The concept behind the E-modules is structured in two pillars: knowledge acquisition and skills acquisition. While "knowledge acquisition" leads us thinking of classical learning methods, whereby the student is acquiring knowledge at various levels and in various fields, "skills acquisition" is a concept with practical connotations. It involves "learning to do something", rather than "learning something", bringing thus to the front the idea of skills development as a vital feature of the learning process. The two pillars are equally important and they complement each other to create a complete learning experience. 


As mentioned before, being an online application, the E-modules were aimed to cater for the needs of people who have a full time job or do not have entire weeks or months at their disposal to dedicate exclusively to studying European Studies. Furthermore, since they can be accessed from anywhere, at any time, they can prove very useful for people who are active in a dynamic environment and who need a reference tool easily available at any time. The E-modules allow the users to study at their own pace, including useful tools of self-tracking and self assessment; users can also opt for taking an exam at the end of the chosen study period, leading to the issuing of an academic certificate. All these options and features make the E-modules appealing for people with various geographic but also educational backgrounds. That is precisely why the language has to be kept clear, focusing on explaining the essential notions and avoiding the technical jargon often found in other information sources. Moreover, the content has to be very well structured and the search engine extremely precise, to allow quick access to any piece of information at any time.

Learning by association

Unlike a classical textbook, the E-modules were conceived to encourage a process of "learning by association". The information is thus structured in chapters and pages, and there are multiple internal links that allow the users to browse through the tool in a personalised way, according to their specific interest. This principle also contributes to the afore-mentioned aim of skills acquisition, as the users are put in a position to find connecting elements among different issues and are being helped in the process by the recommended internal and external links.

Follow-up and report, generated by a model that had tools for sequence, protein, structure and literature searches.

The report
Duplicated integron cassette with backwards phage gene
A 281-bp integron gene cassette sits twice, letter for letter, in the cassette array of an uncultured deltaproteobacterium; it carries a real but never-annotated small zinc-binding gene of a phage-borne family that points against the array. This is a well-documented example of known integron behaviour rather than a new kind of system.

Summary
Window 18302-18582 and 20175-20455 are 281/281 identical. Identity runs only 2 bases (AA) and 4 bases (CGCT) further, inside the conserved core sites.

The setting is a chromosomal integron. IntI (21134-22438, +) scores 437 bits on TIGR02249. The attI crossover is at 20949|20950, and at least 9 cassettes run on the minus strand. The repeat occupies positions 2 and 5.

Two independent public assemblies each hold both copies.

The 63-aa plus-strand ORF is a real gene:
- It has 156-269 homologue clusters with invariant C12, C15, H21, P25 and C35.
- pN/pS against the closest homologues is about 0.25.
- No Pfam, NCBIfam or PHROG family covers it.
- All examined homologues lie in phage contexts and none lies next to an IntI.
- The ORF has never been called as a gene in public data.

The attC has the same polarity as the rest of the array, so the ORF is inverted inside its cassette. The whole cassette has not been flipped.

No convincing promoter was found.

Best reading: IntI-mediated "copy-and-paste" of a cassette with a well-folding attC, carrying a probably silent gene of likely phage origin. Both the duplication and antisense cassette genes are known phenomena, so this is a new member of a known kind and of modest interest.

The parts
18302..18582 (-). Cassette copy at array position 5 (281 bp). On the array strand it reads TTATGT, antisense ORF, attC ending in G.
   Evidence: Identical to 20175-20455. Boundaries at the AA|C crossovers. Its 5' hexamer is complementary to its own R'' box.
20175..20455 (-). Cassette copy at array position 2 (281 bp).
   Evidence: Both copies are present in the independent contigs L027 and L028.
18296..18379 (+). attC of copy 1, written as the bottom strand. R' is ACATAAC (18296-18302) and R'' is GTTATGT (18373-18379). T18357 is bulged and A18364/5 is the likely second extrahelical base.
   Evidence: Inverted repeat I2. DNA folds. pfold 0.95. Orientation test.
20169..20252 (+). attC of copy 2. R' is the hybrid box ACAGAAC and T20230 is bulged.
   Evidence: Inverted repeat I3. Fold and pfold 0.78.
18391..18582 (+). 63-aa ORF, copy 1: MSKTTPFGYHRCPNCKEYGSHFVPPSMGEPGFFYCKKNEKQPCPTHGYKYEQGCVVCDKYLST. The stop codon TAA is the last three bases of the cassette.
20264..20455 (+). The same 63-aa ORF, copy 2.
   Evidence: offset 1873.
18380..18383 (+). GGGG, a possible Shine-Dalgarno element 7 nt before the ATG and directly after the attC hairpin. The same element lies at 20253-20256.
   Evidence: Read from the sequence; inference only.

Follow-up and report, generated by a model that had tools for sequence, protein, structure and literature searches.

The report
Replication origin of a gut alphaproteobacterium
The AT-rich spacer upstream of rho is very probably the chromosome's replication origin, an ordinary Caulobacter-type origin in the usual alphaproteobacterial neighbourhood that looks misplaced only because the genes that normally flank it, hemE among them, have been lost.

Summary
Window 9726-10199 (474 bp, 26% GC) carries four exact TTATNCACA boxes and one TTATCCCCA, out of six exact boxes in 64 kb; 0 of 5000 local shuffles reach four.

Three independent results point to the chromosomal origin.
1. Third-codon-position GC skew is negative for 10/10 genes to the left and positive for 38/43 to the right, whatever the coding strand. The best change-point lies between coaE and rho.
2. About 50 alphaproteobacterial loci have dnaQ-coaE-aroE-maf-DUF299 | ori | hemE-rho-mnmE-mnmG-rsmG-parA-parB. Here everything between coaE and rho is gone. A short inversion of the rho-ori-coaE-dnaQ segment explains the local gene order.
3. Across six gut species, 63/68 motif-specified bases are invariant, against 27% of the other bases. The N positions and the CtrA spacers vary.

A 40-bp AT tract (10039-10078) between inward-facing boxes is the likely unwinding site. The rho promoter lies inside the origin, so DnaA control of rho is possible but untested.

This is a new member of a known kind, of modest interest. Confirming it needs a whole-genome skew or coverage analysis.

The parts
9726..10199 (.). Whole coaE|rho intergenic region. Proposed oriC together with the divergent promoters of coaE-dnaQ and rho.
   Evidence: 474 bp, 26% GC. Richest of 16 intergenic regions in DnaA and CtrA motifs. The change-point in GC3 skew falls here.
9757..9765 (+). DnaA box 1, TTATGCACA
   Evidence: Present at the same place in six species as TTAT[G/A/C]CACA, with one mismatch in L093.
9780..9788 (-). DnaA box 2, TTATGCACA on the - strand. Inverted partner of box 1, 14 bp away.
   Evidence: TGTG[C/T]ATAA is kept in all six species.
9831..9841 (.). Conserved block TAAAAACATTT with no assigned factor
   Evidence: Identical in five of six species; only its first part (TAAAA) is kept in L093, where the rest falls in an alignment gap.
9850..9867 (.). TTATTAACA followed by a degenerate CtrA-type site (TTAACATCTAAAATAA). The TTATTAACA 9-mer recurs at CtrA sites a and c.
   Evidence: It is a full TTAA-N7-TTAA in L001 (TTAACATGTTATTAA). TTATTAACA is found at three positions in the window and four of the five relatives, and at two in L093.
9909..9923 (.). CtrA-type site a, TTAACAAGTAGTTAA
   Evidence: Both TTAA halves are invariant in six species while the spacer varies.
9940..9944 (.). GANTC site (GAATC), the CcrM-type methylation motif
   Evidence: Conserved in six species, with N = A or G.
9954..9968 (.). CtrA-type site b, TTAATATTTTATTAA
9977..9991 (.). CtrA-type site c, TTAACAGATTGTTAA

Case studies and real-life scenarios

It is acknowledged that a learning tool, in order to be successful, needs a knowledge/ theory component, as well as a practical component. The latter can come in the form of case studies, examples or exercises. Addressing a topic that has an impact on everyday life, like European policies, the E-modules contain a series of examples and real-life scenarios that help users understand better the issues discussed. Moreover, the practical exercises included in the chapter tests are aimed at testing the skills of information retrieval and use acquired by users throughout the modules. In order to better illustrate the complex EU legal framework, the E-modules (and especially the one module dealing with EU law) includes reference to case law, explaining the essential implications of cases decided by the European Court of Justice. 

The interactive component

Last, but not least, an online learning system, lacking the natural interaction between teacher and students and among students, has to develop other interactive components in order to keep the users connected and interested in the content. The E-modules were designed to have a user-friendly interface that allows the user to control the learning process. There are various mechanisms that point out what chapters have been studied and what new content has been added, as well as a "quiz" function that was embedded in the system in order to help users test the knowledge accumulated at any point in the course.

E-modules: Mechanisms of Quality Assurance